In Cairo, the Arabs gave Mahmoud Abbas a cover for indirect negotiations with the Israelis in which George Mitchell will take on the role of mediator. But the problem that emerged following the meeting of Arab foreign ministers is that those in agreement did not justify their positions whilst those in opposition did not have a convincing argument.
Someone in the know told me, “This is a mandate that should have been given in the sixties, not in 2010.” One Arab diplomat said pessimistically, “[These are] negotiations on how to resume negotiations!” However an Arab foreign minister attending the conference said, “On the contrary, they are serious negotiations,” adding that the aim of these negotiations is to give legitimacy to Mahmoud Abbas and to pull the rug from under those practicing one-upmanship.
However, what Mr. Amr Musa said was also interesting as he stated that the Arabs have decided to give the Americans a four-month deadline and after that the Arabs will see what they accomplished. With all my respect Mr. Musa, the question here is what are the Arabs intending to do after the four-month deadline? Occupy Washington? The Arab minister replied laughing, “The aim of the time limit is for us to test the Americans, and in light of their position, they might be given another deadline!” He added that the Americans are saying “that they are serious and they will come with a comprehensive offer and they will not wait four months!”
On the other hand, we find that the Syrians are opposing [giving] the Arab mandate to Abbas based on the pretext that Palestinian Abbas does not need a mandate and he is capable of making his [own] decision. The meaning here is obvious; the Syrians do not want an Arab precedent such as this and they want to give legitimacy to Hamas to attack Abbas. The question here is as long as the Syrians believe that the Palestinians have the right to make their own decisions by themselves then why is Damascus getting involved in the Palestinian issue in the first place?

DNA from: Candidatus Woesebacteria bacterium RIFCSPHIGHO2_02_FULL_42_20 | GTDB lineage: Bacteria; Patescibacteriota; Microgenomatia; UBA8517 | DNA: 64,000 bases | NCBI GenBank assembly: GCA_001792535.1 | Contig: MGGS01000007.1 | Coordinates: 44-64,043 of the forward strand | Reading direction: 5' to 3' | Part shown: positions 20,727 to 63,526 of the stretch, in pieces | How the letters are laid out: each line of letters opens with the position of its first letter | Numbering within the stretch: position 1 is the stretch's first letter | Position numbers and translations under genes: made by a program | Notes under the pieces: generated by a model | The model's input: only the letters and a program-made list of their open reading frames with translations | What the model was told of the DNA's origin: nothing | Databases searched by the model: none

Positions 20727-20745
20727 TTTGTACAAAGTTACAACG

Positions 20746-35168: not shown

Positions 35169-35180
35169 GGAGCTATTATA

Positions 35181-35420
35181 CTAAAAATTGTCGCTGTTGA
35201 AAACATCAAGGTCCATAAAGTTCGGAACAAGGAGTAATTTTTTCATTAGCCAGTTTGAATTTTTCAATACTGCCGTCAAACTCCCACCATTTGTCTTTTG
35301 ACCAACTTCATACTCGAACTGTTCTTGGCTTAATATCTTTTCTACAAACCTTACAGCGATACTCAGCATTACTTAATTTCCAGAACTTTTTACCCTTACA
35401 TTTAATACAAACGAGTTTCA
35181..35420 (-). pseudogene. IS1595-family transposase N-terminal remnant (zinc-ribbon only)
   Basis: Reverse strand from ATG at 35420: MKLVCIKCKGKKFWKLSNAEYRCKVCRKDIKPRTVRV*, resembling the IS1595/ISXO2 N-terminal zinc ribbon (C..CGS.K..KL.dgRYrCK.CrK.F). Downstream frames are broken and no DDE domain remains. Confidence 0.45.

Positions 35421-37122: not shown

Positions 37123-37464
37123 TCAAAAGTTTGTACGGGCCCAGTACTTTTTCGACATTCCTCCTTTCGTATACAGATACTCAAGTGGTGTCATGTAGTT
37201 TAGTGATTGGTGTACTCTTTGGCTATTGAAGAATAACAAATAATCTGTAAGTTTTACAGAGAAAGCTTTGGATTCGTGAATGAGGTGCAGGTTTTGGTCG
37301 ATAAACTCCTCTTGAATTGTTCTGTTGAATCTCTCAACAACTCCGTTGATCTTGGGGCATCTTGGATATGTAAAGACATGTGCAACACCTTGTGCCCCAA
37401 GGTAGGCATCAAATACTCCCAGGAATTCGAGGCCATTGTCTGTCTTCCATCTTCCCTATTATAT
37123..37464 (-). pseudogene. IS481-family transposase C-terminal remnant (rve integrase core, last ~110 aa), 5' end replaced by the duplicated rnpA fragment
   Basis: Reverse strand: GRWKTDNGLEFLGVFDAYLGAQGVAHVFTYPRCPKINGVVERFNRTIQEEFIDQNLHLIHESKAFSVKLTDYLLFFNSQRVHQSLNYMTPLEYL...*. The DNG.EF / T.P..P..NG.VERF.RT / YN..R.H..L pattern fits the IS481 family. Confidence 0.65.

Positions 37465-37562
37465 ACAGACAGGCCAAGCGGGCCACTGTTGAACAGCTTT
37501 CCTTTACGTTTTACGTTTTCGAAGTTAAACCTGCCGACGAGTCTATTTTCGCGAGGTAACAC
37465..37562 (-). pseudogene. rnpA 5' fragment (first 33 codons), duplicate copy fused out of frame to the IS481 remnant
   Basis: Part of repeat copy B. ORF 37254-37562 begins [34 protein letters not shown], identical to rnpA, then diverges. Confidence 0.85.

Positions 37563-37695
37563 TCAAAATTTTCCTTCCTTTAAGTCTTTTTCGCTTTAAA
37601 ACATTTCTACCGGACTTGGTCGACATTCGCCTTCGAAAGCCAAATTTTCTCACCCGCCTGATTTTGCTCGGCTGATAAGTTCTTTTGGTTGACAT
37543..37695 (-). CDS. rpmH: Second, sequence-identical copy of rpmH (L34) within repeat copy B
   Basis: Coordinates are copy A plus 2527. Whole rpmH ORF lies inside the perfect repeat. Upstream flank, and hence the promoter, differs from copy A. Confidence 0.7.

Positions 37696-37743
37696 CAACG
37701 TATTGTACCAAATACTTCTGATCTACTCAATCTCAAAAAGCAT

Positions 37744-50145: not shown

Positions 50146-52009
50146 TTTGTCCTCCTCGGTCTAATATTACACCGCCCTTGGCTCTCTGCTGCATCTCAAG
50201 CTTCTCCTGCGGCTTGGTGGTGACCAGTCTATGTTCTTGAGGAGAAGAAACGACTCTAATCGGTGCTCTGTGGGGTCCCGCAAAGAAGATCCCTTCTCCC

However, despite everything, the predicament that the Arabs have found themselves in is that they go too far in criticizing others without paying attention to their own mistakes. If criticism was directed at Washington today because it stepped back from putting pressure on the Israelis to stop settlement construction (which is completely true) then why did the Arabs give Netanyahu the opportunity in the first place to thwart Obama’s efforts or their own efforts? They also lifted the pressure off the Israelis when they insisted on stopping settlement construction knowing that [in the past] we saw that the settlements were not an obstacle, for example, during the Israeli withdrawal from Sinai, just as they did not cause the Syrians to despair over their right to regain the Golan Heights until today. Here we have [Syrian Foreign Minister] Walid al Muallem suggesting gradual withdrawal from the Golan Heights in the same way as the Sinai agreement!
The mistake that the Arabs commit is that they easily fall into the Israeli trap. The simplest example of that is al Muallem’s response to Netanyahu’s comment that he is prepared to visit Damascus. Instead of putting Netanyahu in an awkward position and revealing his tricks, the Syrian response was confused. If the Syrian responded to Netanyahu by saying “declare a gradual or immediate withdrawal from the Golan Heights and you’re welcome [to come here] or we will come to you,” we would have said “well done al Muallem!” Commenting on this point one Arab diplomat said “this was the genius of [Anwar] Sadat!”
The problem today to which some people are not paying attention is the lack of a political horizon and this will pave the way for outbidding and adventurism.